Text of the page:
Breast implants are widely considered among the most intensely studied and regulated devices in the medical industry. For nearly four decades, Mentor, along with FDA and other regulatory bodies, have closely tracked and monitored patient satisfaction and complications associated with breast implants through clinical studies, registries, and real-world complaint data to better understand the breast implant benefits and safety.
In 2011, FDA identified an association between breast implants and the development of Anaplastic Large Cell Lymphoma (ALCL). Today it is believed that women with breast implants have a very small, but increased risk of developing Breast Implant Associated-Anaplastic Large Cell Lymphoma (BIA-ALCL). More recently some women with breast implants have reported a range of systemic symptoms that they refer to as “breast implant illness.” To date, the overall body of scientific evidence does not support claims that breast implants cause systemic illness, however further research is underway to better understand any possible connection.
Breast Implant Associated Anaplastic Large Cell-Lymphoma (BIA-ALCL)
Breast implant-associated anaplastic large-cell lymphoma (BIA-ALCL) is a rare type of T-cell lymphoma(a cancer of a type of cell of the immune system)typically occurring in a delayed fluid collection around a textured implant or surrounding scar capsule.1
Breast implants are associated with increased risk of BIA-ALCL, but the absolute risk remains small.2
BIA-ALCL patients most commonly present with a spontaneous peri-prosthetic fluid collection or capsular mass at an average of eight to ten years following implantation with a breast implant for either cosmetic or reconstructive indication.1
Many factors may contribute to the development of BIA-ALCL, including biofilm organisms, possible rare genetic predisposition and the surface texture of the implant.3
Current literature indicates that the risk of developing BIA-ALCL differs between different textured devices and has been shown to be rare with MENTOR® SILTEX® Breast Implants.4-5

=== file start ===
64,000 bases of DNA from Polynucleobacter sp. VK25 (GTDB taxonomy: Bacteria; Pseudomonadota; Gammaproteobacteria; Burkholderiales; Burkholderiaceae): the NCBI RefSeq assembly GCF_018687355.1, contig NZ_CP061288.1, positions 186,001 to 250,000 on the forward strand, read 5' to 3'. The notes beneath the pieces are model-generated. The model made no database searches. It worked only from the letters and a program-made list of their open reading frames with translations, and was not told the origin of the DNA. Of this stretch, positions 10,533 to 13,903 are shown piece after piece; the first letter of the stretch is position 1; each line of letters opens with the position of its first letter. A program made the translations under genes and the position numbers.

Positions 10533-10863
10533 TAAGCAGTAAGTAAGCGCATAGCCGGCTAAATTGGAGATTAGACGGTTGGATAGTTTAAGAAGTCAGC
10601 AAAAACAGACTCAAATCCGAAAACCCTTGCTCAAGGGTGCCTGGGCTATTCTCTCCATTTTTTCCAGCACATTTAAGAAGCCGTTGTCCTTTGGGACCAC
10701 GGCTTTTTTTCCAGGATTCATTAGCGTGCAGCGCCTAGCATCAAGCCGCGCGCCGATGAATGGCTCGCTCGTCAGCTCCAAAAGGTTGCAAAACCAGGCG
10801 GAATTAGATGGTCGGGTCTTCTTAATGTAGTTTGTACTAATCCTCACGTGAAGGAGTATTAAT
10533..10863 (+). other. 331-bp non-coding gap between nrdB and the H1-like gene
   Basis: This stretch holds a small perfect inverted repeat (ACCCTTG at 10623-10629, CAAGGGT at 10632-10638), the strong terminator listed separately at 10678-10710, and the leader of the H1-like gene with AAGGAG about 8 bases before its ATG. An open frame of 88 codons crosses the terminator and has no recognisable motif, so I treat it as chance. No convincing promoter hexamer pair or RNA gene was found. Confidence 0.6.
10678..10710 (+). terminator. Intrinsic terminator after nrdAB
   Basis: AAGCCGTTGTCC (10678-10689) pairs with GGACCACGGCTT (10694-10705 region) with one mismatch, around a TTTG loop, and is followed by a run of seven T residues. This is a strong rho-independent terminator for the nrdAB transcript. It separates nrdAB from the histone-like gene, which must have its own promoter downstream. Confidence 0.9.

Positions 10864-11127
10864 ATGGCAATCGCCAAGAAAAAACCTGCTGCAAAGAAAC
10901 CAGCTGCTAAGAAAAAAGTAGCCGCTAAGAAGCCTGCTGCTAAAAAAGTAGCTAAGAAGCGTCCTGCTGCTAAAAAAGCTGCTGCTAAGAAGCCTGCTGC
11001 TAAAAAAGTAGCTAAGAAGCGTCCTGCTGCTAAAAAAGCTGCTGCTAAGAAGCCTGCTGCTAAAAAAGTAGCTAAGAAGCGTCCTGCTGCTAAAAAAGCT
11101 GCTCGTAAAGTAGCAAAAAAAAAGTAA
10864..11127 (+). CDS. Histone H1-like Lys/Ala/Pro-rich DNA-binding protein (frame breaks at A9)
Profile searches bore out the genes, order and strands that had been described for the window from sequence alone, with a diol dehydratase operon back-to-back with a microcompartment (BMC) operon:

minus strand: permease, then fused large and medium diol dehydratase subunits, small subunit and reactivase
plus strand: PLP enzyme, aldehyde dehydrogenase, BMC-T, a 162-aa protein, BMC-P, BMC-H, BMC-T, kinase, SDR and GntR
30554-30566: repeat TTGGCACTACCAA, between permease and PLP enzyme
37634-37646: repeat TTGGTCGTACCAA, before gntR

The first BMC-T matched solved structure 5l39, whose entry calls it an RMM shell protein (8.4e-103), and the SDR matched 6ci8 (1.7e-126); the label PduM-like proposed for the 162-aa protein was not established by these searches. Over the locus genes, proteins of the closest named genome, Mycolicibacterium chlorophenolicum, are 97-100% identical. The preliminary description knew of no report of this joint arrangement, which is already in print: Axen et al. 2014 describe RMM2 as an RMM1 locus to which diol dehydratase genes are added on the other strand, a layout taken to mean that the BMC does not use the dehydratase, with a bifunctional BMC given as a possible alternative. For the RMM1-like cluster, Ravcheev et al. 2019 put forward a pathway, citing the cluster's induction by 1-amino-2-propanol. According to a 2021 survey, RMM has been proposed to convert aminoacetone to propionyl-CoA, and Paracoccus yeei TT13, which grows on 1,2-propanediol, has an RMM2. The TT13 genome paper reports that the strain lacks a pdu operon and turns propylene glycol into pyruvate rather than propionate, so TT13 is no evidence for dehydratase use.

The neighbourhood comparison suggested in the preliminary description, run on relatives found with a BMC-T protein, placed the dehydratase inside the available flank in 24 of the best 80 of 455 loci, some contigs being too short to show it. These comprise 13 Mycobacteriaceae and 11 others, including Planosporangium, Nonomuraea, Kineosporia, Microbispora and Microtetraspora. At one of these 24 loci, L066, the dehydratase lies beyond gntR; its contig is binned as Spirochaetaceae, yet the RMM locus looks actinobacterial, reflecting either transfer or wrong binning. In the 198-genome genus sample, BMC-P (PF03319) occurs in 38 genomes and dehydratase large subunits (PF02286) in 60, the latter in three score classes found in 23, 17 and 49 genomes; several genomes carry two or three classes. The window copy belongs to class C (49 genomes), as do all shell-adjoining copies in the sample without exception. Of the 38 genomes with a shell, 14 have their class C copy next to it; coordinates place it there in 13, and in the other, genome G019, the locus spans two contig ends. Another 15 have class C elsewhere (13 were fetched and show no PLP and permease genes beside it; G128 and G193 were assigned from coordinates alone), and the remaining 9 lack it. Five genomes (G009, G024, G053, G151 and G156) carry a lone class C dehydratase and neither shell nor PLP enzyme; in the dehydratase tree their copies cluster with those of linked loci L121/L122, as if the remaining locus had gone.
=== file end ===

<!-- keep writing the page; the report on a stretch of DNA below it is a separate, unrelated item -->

While MENTOR® SILTEX® Breast Implants have a low rate of BIA-ALCL, it remains a concern we take seriously. We closely monitor the clinical performance of our breast implants through clinical studies, registries and post market surveillance activities and continue to work with industry groups, physicians, scientists and health authorities to better understand the associated risks and causes of this type of lymphoma.
Breast Implant Illness (BII)
Patients receiving breast implants have reported a variety of systemic symptoms such as joint pain, muscle aches, confusion, chronic fatigue, autoimmune diseases and others. Individual patient risk for developing these symptoms has not been well established. Some patients report complete resolution of symptoms when the implants are removed without replacement. While the current body of scientific evidence does not support claims that breast implants cause systemic illness, FDA, in partnership with industry, medical and plastic surgery societies, and researchers are taking steps to better characterize the set of conditions and its risk factors and researchers are working to understand the origins of the symptoms.
We support these efforts and have been partnering with the regulatory authorities around the world and diligently reviewing our long-term implant safety and real-word complaint data seeking to better understand any possible connection.
- Breast implants are not considered lifetime devices. The longer people have them, the greater the chances are that they will develop complications, some of which will require more surgery.